The choice of the two papers was largely dependent on the personal interest in nursing. At first, I undertook a literature review through the City Library A-Z database which turned out to be the most fruitful source of material. I accessed the EBSCO Host from where the searches were effectively conducted using CINAHL Plus. The nature of the platform was effective in bringing out the most desired results in part due to the fact that it entailed full-text searches.
In addition to the CINAHL Plus platform, other two platforms were used namely: Medline Complete and PsycINFO. The search was limited to papers that are peer reviewed research articles and only those published in English. Moreover, the search was specific to the period between 2011 and 2016 to avoid instances of very old research materials that may be irrelevant ion today’s modern world. Moreover, a Boolean search engine was employed in the process to help combine keywords and thus capture a larger net of interest articles.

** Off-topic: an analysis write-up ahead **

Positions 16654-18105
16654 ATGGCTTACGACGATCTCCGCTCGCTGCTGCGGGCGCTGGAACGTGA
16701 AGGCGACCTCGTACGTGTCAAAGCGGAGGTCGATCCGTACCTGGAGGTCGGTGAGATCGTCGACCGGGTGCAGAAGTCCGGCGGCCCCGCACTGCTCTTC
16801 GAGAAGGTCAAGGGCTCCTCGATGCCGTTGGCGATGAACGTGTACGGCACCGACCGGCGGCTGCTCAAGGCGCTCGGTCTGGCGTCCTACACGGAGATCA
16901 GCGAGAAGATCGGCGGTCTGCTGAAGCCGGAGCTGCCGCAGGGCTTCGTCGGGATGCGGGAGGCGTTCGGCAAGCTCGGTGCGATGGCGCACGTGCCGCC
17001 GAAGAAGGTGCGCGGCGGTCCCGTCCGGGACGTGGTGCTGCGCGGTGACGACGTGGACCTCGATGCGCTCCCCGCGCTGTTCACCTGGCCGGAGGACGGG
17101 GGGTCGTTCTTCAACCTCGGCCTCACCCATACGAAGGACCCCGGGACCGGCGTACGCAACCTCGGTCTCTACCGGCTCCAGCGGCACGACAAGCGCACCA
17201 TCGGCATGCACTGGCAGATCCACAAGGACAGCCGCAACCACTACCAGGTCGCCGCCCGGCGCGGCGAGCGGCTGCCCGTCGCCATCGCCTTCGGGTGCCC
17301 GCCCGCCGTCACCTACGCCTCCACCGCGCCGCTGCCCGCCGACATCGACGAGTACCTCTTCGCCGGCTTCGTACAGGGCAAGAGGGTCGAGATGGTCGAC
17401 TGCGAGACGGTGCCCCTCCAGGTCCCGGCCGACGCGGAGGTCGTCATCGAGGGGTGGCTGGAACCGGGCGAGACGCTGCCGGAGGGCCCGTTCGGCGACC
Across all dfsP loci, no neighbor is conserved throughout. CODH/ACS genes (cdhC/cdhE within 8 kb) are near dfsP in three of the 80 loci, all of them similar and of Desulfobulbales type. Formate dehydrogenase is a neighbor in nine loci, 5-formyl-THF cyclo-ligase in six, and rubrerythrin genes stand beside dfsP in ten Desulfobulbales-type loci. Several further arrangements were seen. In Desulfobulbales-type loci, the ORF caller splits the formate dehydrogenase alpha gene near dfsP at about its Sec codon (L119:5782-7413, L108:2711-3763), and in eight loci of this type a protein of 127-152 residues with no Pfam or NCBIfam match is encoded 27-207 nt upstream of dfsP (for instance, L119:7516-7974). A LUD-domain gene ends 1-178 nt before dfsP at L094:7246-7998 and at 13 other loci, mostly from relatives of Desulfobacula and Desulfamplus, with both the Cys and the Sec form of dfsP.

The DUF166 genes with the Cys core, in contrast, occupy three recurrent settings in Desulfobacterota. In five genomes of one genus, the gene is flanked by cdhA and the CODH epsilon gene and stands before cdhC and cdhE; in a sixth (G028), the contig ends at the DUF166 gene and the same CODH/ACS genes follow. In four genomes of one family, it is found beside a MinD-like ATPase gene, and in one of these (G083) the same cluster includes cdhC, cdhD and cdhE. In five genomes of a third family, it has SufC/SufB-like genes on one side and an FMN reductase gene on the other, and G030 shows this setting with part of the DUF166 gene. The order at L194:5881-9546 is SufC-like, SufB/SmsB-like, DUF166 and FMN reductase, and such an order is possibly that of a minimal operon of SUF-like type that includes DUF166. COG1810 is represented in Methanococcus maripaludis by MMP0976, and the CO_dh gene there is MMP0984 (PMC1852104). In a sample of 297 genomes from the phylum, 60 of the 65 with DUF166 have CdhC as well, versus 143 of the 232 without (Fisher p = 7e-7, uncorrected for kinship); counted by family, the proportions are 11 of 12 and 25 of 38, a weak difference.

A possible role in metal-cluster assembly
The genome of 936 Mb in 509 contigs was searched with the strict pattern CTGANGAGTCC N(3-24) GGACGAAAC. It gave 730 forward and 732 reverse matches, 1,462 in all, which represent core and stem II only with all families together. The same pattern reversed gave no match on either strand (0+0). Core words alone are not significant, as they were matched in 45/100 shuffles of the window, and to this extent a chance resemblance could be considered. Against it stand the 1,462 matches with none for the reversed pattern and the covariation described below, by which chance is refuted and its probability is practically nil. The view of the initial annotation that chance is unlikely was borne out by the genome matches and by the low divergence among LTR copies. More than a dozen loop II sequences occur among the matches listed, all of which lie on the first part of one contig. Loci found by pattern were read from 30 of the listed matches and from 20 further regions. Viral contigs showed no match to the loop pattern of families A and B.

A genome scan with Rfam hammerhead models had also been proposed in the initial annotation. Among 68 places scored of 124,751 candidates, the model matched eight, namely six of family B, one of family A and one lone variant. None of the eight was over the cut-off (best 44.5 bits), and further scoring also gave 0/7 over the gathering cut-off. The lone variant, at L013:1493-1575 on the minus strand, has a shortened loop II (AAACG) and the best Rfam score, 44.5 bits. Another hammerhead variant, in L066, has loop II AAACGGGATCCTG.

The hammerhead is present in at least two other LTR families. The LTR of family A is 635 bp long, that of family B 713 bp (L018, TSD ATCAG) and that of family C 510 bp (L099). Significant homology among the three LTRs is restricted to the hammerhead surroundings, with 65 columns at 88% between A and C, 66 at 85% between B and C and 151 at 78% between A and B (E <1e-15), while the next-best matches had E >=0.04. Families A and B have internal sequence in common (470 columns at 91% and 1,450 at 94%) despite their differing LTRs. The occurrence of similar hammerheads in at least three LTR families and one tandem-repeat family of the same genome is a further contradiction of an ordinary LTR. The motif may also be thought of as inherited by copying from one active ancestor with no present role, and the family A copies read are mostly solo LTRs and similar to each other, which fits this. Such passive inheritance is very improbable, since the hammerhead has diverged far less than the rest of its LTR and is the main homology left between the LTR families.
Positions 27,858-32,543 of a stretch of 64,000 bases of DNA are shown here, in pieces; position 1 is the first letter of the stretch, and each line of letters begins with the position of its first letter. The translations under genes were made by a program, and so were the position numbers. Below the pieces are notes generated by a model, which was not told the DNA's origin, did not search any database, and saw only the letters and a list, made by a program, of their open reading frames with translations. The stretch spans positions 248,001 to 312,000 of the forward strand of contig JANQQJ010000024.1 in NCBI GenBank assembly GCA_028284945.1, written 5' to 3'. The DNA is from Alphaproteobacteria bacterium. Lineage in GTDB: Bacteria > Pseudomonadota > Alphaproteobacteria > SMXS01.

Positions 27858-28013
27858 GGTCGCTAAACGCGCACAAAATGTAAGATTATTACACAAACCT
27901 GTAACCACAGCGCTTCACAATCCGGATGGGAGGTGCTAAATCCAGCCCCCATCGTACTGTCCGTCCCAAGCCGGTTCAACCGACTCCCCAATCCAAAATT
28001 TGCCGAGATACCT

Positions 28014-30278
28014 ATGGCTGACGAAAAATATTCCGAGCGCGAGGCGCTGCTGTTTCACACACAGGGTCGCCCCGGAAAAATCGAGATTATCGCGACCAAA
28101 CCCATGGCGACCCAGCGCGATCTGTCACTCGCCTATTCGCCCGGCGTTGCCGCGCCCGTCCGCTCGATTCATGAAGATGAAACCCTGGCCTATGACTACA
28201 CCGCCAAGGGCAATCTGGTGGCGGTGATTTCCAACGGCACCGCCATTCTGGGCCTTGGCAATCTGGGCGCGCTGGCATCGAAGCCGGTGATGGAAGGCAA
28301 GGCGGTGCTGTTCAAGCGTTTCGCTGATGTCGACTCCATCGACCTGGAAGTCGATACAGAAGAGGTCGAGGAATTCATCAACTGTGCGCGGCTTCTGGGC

The first paper, otherwise referred to as paper A, was captured using the search terms of falls prevention in the elderly. The search term generated a total of twenty four results from which Paper A was number 12 out of the 24 papers retrieved. The second paper, paper B was also retrieved through a similar process using the search term ‘assessment and prevention of falls’. In the second search, a total of 51 articles were captured from which the second paper was sought. Paper B was number 26 out of the 51 papers that were captured in the search. However, the second search was different from the first one in that it did not include the PsycINFO search platform.